Régis Debray: The writer and philosopher on religion and revolution

Régis Debray worked with Castro, fought with Che, and later advised Mitterrand. Now he salutes, but does not worship, God. Gerry Feehily meets him in Paris.

From The Independent:

DebrayDo all lives lead to and spring from a single moment? An illustration: it’s 1964, and Che Guevara, in the gardens of the Cuban Embassy in Algiers, interrupts a game of chess to flick through Sartre’s review Les Temps Modernes. He comes to an essay on urban and rural guerrilla movements written by a 23-year-old graduate of the prestigious Ecole Normale Supérieure in Paris. Guevara has a translation forwarded to Fidel Castro, who invites its author, then teaching philosophy in drab Nancy, eastern France, to Havana. The young man accepts, and so begins a journey from Cuba to the Bolivian jungle, to Allende’s Chile, even to the Elysée Palace.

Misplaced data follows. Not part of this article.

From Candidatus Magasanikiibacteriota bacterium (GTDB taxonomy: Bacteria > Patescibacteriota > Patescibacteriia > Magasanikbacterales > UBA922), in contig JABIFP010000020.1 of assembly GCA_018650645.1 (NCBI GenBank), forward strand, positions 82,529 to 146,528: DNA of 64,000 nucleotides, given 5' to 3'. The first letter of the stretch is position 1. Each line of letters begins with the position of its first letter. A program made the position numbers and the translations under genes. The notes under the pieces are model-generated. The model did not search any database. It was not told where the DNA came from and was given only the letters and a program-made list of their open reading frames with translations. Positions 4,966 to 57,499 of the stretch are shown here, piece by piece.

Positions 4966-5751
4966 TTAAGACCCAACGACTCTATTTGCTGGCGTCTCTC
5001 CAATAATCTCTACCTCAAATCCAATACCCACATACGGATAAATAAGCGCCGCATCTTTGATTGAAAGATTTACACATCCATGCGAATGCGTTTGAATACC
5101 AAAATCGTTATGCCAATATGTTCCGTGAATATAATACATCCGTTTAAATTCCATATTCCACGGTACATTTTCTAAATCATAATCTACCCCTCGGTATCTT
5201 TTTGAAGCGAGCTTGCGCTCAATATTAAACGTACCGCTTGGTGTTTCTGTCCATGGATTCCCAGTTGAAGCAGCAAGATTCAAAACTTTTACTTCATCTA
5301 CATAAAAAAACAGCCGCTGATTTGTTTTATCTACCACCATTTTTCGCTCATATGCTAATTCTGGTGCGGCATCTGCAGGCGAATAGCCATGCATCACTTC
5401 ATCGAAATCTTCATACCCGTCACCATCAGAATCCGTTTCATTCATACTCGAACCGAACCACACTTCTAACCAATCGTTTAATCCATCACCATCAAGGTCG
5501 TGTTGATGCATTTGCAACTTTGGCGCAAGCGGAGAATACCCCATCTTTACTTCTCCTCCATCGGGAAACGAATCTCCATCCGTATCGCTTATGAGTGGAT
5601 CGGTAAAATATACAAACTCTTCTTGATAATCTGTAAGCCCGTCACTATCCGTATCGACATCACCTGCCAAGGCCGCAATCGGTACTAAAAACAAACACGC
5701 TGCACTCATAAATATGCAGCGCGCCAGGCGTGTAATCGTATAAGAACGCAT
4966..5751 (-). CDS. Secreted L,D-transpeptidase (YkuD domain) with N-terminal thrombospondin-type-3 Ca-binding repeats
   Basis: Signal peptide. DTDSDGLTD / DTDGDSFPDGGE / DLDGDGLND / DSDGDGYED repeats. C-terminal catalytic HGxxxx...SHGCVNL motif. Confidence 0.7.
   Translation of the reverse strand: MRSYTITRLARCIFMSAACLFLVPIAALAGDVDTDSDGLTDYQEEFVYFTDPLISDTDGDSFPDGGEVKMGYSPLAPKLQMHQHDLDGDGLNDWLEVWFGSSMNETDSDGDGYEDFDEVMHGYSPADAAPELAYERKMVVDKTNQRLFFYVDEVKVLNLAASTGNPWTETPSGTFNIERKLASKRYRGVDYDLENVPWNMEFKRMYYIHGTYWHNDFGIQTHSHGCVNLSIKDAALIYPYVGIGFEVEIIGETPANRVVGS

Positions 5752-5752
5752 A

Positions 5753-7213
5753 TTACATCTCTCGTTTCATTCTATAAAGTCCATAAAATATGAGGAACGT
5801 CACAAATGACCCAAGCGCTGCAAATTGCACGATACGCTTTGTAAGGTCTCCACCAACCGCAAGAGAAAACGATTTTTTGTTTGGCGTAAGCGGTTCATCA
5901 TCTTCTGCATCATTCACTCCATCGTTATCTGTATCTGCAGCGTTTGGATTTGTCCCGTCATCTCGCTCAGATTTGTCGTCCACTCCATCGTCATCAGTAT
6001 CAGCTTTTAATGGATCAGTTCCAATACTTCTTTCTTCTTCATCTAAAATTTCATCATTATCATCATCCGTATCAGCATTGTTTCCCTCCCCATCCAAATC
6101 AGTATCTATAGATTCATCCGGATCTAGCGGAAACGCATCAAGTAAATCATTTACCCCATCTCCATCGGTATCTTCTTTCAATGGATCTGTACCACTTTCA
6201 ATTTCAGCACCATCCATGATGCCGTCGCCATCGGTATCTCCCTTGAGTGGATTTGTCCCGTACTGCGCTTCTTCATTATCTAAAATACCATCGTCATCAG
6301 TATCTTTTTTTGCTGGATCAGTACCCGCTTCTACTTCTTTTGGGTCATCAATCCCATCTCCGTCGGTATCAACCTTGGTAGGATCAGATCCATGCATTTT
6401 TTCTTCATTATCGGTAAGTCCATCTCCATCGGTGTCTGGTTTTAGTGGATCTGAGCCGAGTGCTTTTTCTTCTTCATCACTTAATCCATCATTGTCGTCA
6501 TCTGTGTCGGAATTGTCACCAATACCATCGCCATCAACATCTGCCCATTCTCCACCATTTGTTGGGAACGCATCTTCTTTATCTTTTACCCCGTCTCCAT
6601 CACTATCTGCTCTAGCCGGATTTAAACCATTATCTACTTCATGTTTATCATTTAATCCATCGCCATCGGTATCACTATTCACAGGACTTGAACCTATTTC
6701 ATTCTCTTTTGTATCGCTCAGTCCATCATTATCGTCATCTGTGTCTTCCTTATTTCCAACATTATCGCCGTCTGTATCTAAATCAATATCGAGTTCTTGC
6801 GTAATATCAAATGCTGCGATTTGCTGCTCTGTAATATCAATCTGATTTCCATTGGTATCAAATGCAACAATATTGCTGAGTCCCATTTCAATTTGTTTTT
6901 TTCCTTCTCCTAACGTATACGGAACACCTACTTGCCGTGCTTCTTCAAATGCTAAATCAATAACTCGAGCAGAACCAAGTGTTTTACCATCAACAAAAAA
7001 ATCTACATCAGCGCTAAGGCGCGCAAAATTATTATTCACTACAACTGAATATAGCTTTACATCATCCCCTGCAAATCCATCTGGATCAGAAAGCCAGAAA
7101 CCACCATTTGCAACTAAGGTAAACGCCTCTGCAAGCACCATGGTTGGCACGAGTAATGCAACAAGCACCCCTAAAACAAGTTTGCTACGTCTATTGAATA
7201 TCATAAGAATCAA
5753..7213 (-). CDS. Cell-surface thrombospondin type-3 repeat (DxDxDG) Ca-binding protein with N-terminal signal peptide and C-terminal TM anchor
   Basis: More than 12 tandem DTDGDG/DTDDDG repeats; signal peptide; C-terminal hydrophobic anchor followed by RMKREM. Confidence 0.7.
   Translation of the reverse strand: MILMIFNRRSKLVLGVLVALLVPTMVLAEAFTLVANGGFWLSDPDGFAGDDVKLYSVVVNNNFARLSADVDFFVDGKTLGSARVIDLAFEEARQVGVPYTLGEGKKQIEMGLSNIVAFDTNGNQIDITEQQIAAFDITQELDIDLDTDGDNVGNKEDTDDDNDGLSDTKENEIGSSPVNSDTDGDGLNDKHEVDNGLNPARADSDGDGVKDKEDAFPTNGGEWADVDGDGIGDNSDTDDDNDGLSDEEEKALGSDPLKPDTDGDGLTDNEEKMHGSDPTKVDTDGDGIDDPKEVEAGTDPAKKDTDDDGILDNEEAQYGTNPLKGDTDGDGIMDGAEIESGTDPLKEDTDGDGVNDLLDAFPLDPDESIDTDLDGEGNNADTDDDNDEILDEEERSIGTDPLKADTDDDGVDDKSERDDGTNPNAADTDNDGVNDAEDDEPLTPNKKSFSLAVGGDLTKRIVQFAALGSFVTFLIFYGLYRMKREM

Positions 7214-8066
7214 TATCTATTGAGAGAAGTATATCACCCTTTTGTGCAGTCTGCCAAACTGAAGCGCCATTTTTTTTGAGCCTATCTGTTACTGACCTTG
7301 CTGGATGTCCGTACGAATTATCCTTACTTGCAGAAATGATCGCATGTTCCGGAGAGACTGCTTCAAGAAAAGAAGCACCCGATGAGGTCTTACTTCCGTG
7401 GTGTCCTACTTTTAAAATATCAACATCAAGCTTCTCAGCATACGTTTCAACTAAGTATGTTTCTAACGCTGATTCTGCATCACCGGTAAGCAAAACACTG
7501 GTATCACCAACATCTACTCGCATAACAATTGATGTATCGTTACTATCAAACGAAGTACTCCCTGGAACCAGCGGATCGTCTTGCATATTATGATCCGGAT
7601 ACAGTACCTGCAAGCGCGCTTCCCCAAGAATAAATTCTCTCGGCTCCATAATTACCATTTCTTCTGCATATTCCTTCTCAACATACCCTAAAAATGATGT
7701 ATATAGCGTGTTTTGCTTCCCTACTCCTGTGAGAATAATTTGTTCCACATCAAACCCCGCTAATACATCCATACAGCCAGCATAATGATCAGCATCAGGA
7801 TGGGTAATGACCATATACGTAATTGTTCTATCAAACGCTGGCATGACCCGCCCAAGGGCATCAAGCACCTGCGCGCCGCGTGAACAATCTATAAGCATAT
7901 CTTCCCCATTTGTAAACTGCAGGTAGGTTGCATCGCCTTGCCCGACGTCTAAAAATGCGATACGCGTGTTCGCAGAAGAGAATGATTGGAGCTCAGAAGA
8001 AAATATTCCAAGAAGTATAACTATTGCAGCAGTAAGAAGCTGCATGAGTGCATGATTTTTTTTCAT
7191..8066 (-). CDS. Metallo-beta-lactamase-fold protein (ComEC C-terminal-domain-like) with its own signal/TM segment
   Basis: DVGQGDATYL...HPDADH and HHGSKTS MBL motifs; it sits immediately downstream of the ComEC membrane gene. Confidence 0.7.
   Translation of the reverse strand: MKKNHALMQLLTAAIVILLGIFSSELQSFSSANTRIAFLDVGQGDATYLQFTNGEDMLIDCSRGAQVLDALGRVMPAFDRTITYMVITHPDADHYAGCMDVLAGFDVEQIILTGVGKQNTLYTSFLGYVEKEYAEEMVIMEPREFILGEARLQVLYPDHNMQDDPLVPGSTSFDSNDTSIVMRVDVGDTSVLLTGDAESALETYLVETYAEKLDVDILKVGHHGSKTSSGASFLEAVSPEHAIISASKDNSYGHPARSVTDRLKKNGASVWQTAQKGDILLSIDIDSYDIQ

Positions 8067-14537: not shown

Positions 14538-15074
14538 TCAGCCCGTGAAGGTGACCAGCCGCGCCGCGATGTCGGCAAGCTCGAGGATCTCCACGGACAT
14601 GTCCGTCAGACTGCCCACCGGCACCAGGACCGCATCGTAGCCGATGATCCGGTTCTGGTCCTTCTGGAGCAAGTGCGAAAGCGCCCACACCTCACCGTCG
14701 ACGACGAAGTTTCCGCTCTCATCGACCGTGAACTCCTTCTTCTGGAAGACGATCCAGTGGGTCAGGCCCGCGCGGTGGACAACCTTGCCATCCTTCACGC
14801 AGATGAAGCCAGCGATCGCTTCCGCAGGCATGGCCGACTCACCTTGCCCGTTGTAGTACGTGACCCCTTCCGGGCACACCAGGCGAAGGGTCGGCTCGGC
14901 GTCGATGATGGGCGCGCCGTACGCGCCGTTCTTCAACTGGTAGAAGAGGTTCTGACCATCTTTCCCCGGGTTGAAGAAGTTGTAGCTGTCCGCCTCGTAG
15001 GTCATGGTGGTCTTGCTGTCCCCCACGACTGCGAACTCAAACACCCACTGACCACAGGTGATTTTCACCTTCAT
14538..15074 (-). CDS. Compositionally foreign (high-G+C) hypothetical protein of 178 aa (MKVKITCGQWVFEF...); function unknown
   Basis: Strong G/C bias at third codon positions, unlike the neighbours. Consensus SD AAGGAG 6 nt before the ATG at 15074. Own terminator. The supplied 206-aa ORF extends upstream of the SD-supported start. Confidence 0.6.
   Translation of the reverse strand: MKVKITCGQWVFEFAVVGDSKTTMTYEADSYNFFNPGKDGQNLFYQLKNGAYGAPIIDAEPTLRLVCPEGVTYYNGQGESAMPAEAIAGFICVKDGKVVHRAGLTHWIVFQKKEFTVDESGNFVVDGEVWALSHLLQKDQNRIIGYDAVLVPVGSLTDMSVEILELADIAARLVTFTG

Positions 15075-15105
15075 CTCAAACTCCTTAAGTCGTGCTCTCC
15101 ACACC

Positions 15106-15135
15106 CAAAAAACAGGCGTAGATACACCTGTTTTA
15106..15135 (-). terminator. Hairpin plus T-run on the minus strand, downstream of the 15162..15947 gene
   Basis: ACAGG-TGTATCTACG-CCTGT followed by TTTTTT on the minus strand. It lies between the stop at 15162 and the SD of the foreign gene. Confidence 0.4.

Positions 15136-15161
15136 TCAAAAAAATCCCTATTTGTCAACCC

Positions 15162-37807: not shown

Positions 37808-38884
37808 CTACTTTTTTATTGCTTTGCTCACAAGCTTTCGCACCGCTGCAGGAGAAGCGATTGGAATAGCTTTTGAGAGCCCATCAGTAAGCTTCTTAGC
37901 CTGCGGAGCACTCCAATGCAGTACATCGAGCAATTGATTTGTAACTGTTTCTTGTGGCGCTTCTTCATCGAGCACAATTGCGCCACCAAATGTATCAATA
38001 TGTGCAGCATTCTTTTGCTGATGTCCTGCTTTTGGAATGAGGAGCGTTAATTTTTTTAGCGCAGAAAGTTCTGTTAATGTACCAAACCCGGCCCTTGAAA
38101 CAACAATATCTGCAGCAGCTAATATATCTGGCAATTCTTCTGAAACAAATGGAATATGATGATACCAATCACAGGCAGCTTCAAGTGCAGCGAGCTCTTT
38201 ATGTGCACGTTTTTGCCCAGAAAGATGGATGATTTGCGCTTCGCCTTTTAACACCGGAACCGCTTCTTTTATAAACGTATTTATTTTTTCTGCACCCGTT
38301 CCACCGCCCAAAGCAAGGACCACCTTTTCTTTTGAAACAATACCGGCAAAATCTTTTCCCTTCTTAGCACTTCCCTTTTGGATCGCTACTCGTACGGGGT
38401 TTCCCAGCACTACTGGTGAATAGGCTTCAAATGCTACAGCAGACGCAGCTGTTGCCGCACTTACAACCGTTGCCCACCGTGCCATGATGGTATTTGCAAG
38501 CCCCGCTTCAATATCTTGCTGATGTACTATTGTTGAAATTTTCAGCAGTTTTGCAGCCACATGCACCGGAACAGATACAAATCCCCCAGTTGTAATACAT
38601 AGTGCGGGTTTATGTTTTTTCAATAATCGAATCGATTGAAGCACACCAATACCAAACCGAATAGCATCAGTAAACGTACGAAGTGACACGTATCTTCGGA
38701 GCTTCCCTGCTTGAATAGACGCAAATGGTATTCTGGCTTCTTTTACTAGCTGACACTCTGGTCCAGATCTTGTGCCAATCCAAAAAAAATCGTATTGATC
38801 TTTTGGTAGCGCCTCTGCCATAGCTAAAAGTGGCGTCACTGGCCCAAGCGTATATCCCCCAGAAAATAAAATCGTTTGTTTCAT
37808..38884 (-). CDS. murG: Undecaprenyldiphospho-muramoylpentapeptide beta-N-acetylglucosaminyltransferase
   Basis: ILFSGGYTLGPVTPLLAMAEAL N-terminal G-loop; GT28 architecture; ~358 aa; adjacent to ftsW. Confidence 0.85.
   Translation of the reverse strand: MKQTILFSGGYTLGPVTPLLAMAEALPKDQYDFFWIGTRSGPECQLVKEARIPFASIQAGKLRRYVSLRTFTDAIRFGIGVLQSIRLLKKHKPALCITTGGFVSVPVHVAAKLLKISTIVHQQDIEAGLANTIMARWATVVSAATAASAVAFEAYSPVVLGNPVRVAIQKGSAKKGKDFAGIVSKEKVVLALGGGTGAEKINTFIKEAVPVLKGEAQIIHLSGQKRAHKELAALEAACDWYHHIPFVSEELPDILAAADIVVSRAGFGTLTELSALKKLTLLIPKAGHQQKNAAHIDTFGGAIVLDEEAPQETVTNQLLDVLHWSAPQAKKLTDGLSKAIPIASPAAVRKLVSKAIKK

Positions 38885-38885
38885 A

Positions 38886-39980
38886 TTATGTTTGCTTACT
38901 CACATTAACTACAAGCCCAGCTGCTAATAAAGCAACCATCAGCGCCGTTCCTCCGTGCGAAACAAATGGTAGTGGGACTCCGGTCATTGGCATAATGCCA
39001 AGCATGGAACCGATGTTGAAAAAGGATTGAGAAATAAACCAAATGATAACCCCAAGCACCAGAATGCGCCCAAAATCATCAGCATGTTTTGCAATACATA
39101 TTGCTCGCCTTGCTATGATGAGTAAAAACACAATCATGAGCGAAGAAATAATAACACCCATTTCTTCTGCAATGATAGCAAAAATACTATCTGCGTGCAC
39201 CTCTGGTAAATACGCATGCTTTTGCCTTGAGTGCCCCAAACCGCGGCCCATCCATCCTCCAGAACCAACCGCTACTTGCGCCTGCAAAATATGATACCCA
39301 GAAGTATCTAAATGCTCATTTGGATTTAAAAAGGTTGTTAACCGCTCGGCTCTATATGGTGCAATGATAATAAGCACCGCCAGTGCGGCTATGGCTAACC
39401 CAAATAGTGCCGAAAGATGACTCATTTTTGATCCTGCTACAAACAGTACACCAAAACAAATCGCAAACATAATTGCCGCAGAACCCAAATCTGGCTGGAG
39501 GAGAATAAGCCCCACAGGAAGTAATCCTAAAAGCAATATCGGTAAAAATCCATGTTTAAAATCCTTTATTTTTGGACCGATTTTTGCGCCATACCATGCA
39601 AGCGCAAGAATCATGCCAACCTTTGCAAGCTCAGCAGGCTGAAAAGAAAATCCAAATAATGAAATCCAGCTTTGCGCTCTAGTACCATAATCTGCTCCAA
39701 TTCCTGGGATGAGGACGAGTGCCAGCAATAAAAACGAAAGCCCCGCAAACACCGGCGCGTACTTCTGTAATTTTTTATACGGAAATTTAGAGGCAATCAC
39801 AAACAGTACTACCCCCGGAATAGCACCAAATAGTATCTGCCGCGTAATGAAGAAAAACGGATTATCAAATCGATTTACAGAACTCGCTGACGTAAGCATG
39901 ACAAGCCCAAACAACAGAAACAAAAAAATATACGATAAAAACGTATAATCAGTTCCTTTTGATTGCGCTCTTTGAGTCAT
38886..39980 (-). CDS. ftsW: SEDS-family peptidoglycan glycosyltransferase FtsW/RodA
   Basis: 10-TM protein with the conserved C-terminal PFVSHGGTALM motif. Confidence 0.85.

Now, 40 years after setting out, the writer and philosopher Régis Debray sits in an apartment off the Boulevard St Germain in Paris. Volumes of Victor Hugo lie strewn on the table, a portrait of Kafka hangs on the wall. The room looks on to the rue de l’Odéon, where Joyce read from Finnegans Wake at the original Shakespeare and Co. bookshop. The friendly clutter within, the tranquil streets inhabited by literary ghosts without, suggest journeys through mindscapes rather than through rebellion and dictatorships.

“I was very literary as a young man, but highly politicised,” Debray says. “Both vocations were stored in strictly separate compartments, with a certain humourlessness. A Communist party member, I was also inspired by Orwell, the great solitary irredentist… Life in France under De Gaulle seemed blocked. Although I now believe my imagination was greater than my sense of reality, your destiny falls into your lap, so to speak, because you would have it so.”

More here.